Mar 15, 2022

Gold Mine Leak Above Nederland, Colorado, Poses No Threat to Drinking Water

The mine has 30 days from designation on Feb. 17 to prepare an environmental protection plan or contest the state decision

drinking water

Colorado mining reclamation officials said in a letter to the public that tainted water leaking from the Cross and Caribou mines above Nederland is not a threat to drinking water in the area.

According to The Colorado Sun, the Colorado Division of Reclamation, Mining and Safety have placed the mine in a higher category of environmental review despite the findings. The division found no evidence indicating groundwater discharges from the mine led to degradation of surface and groundwater resources. 

This information first came to light after the division received public complaints and tests showed discharges near the mine of heavy metals like copper and lead, reported The Colorado Sun.

In a letter, the state concluded that all discharges are currently below drinking water standards, reported The Colorado Sun. Taken into account were the distance from the mine to any domestic wells and water sampling data provided by the city of Boulder for Coon Track Creek, Middle Boulder Creek and Barker Reservoir within the Boulder watershed.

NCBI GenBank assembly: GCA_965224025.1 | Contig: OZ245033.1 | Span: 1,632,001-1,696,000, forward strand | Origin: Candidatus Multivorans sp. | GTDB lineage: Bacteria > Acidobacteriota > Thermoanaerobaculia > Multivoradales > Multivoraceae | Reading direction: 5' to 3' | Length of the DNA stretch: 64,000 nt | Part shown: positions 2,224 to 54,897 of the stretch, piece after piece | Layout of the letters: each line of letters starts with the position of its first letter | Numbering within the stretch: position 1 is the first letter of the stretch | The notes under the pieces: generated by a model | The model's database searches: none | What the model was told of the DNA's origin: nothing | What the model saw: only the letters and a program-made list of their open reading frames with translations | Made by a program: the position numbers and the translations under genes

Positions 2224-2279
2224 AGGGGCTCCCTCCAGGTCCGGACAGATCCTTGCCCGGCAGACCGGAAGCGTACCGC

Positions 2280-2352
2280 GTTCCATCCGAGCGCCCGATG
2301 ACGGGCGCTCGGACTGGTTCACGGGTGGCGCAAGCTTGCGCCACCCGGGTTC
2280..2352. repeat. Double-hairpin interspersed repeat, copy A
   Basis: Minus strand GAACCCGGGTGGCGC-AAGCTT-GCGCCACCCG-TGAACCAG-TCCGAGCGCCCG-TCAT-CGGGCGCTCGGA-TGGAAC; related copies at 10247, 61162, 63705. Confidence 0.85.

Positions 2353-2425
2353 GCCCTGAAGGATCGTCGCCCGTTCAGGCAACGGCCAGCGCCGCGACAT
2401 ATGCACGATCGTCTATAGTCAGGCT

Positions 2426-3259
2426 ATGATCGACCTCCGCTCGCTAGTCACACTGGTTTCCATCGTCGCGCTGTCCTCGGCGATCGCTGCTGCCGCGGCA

“The water leaving our mine is and has always been safe to drink,” said a statement released by Daniel Takami, president of mine owner Grand Island Resources, reported The Colorado Sun. “We remain committed to meeting and improving upon the Cross and Caribou Mines’ legacy of ‘mining with respect for the environment’ while being exemplary stewards of Boulder County’s land and water.”

However, the mine in the mountains northwest of Nederland is under state review, which has been declared a designated mining operation, triggering a 2019 state law. It has received new water cleanup equipment to keep tainted water from overflowing discharge ponds. 

The state Mined Land Reclamation Board imposed a $17,000 fine on the owners of Cross and Caribou for water quality violations at the discharge points in January. This fine was reduced down to $5,000 of the penalty as long as Grand Island Resources continues “good faith” efforts.

The state agency’s staff has supported the mine’s efforts to complete a filtration system for any water emitted from the historic mine. Onsite review of the improvements and water sampling will continuously be conducted. 

The mine has 30 days from designation on Feb. 17 to prepare an environmental protection plan or contest the state decision, reported The Colorado Sun.

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